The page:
So, in the interest of feeling informed about the varied desktop environments that exist, I've performed two apt-get install for xubuntu-desktop and lubuntu-desktop in recent months. I didn't really much care for either one, I guess I've just come to appreciate the Unity UX.

At any rate, and entirely anecdotally speaking, I can't help but feel like ever since the first apt-get for xubuntu-desktop that load time was a little slower than before. Talking from Power On to the login screen here. Not only that, but it replaced my loading screen with the xubuntu one :( After downloading lubuntu-desktop, I feel more certain that the computer takes a little longer from power button to login screen (and the splash screen wasn't even present at last login, but honestly that seems cosmetic to me so I'm not terribly concerned). Of course, I've never taken a stopwatch with me to watch things boot up, so this is nothing but my limited perception.

I'm on the verge of doing a re-install just to clear the Win7 partition (and possibly the Win7 recovery partition, if that's safe) off this computer altogether as I just don't use it, so this may be a moot point. But that doesn't mean I won't get an itch to try out something like Cinnamon desktop or any of the myriad that are out there, and so before I go recreating the same problem for myself - is it conceivable that the startup sequence gets a little wonky after installing all those desktop environments?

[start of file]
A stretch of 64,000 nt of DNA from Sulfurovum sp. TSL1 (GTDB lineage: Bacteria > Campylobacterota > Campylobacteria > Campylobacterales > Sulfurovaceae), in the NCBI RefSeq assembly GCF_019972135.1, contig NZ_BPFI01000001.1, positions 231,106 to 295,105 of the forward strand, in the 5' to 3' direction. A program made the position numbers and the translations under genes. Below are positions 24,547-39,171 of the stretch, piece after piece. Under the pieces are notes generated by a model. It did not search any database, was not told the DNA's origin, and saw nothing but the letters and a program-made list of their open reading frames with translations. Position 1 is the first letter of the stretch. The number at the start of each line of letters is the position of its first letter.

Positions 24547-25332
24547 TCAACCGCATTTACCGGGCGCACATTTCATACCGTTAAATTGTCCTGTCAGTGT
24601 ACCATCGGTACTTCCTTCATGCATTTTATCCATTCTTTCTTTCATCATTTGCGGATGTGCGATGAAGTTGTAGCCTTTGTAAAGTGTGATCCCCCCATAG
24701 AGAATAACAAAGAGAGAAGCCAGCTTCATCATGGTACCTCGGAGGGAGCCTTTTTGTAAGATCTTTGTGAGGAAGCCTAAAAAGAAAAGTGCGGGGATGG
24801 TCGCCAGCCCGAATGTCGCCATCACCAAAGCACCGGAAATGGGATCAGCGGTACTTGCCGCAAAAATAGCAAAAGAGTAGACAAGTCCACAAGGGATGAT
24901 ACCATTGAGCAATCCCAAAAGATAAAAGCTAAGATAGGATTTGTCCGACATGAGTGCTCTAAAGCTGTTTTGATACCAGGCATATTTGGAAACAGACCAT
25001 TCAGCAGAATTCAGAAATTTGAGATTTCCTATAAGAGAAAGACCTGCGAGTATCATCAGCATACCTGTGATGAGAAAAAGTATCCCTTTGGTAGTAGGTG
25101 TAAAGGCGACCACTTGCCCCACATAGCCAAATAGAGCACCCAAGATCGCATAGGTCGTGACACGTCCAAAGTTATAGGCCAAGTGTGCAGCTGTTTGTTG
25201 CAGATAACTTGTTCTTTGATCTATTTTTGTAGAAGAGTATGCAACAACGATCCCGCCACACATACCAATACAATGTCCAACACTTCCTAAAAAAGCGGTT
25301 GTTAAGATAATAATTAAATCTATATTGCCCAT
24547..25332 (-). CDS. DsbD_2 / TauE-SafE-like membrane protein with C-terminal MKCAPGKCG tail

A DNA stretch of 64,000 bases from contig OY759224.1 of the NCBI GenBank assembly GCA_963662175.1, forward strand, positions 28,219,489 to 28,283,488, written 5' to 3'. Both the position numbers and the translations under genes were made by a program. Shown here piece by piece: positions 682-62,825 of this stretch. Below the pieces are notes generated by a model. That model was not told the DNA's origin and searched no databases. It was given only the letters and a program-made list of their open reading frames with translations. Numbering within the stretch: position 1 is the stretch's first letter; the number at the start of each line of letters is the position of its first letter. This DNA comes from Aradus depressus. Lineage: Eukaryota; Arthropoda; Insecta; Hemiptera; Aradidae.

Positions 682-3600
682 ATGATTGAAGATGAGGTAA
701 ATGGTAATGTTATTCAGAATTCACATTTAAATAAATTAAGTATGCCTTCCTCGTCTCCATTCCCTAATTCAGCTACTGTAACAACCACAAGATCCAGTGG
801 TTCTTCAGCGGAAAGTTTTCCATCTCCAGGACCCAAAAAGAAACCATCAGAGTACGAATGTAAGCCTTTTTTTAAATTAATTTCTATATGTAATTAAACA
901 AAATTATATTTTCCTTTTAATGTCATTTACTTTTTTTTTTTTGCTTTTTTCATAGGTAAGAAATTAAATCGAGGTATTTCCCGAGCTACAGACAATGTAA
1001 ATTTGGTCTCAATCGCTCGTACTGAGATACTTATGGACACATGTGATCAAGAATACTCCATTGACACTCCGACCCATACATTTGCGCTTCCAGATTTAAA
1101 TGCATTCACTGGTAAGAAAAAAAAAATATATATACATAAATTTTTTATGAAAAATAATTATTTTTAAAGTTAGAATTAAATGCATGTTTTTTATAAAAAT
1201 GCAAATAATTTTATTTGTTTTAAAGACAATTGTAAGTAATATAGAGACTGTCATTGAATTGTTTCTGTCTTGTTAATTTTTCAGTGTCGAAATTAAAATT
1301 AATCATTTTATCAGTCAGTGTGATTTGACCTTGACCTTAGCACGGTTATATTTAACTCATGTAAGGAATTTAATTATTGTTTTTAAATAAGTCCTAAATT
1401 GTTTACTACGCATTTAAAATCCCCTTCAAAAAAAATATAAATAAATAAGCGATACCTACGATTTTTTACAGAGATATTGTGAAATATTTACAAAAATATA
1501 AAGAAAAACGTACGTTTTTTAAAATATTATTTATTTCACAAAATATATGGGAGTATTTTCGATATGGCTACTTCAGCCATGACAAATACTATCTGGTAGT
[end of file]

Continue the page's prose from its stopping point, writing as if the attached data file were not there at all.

Installing lots of packages can definitely have a negative impact on performance. Many people argue about the actual impact; some call it insignificant, which theoretically might be true if none of the packages install start-up daemons. The reality is that many packages install daemons, and each daemon will require additional resources at boot time.

If you want to rectify this perceived problem, I recommend you carefully review your packages, and remove those you deem extraneous. Without knowing the packages, and what each one provides, this can be a very confusing task. You may find you've over-removed, and might have to install specific packages again.

To make the process less risky, I highly recommend installing deborphan. It will help you locate orphaned dependencies. Additionally, you may want to also use debfoster, to identify which meta-packages should be removed. Just proceed with caution, and investigate package names if you're unsure.

To install Deborphan and Debfoster, run:

sudo apt-get install deborphan debfoster

Here is a small list of commands, which I use to help this process:

  • List Installed Packages: dpkg -l | cut -d' ' -f 3 | sort
  • List Orphaned Lib Packages deborphan --guess-all
  • List Orphaned Packages deborphan -a | awk '{ print $2 }' | sort
| improve this answer | |
  • The ArchWiki has a nice list of daemons. – user25656 Mar 11 '13 at 3:31

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